• Total library visits: 84,601
  • Total library hours in a typical week: 45
  • Total paid staff: 3.70

Learn more about Creswell Library via their website and facebook page.

Want to share what your library is doing for teens? Contact Katie Anderson.

 

Superpower Girls

Superpower Girls: Female Representation in the Sci-fi/Superhero Genre

A study by Women’s Media Center and BBC, October 2018

SuperheroStudy

Key take-aways:

  • “Every demographic group we spoke to expressed a strong desire for more female superheroes…”
  • “Female sci-fi/superheroes are more impactful sources of inspiration for girls than male heroes are for boys, empowering girls—and especially girls of color—to believe they can achieve anything they put their mind to.”
  • “Teen girls are significantly less likely than teen boys to describe themselves as confident, brave, and heard. And these challenges are even more pronounced for girls of color.”
  • “Despite notable campaigns to boost women in Science, Technology, Engineering and Mathematics (STEM), we still see a 23-point gender gap between teen boys and girls with regards to interest in STEM careers.”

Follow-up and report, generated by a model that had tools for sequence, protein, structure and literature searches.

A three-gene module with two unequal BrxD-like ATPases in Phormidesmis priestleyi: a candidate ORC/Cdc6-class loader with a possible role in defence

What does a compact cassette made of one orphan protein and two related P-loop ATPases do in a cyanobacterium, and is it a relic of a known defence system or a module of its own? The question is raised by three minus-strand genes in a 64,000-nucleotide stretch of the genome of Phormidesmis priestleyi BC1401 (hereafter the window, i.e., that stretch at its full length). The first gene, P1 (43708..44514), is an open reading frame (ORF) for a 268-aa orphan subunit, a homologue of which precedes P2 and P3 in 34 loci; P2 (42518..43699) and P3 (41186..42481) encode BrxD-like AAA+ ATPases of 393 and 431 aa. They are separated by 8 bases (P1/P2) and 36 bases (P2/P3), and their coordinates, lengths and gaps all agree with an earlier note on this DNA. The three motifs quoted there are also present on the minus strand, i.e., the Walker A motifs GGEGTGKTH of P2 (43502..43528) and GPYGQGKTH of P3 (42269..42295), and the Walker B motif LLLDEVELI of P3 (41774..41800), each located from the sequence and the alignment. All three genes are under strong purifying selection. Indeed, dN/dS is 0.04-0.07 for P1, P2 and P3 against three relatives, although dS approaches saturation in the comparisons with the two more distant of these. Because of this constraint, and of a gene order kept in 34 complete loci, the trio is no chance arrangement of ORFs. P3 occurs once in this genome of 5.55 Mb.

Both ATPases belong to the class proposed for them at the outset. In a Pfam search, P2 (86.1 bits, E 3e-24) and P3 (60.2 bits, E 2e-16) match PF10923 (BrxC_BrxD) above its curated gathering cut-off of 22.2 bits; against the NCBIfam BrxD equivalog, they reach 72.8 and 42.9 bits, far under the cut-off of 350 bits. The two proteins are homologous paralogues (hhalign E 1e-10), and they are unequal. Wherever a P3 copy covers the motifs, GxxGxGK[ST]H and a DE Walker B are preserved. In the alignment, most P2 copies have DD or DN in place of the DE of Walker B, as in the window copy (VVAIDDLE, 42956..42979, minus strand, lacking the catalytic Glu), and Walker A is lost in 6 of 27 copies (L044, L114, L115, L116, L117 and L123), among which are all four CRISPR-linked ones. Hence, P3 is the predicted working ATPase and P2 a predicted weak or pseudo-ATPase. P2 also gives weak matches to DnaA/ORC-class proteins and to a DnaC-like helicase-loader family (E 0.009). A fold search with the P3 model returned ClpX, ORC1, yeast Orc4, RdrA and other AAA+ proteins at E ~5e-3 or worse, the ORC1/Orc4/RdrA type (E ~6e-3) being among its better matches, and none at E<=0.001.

• “1 in 3 teens [including boys] agree that girls have fewer opportunities than boys to be leaders.”
  • “If you can’t see her, you can’t be her,” BBC America President Sarah Barnett

Library considerations:

  • How many sci-fi/superhero movies for teens does my library show featuring strong female leads?
  • How many strong female leads does my library emphasize when we have sci-fi/superhero fandom events?
  • Looking at displays of TV and movies for teens in my library and at my library’s online presence, how many items feature a strong female lead?
  • What percentage of my library’s teen advisory council (or similar) are girls? Is this representative of the percentage of regulars who are teen girls?
  • Looking at the leadership opportunities my library offers teens, what percentage are offered to teen girls? Is this representative of the percentage of regulars who are teen girls?

What is Newport Public Library doing for teens? By Stacy Johns

NewportPublicLibraryTeenRoom1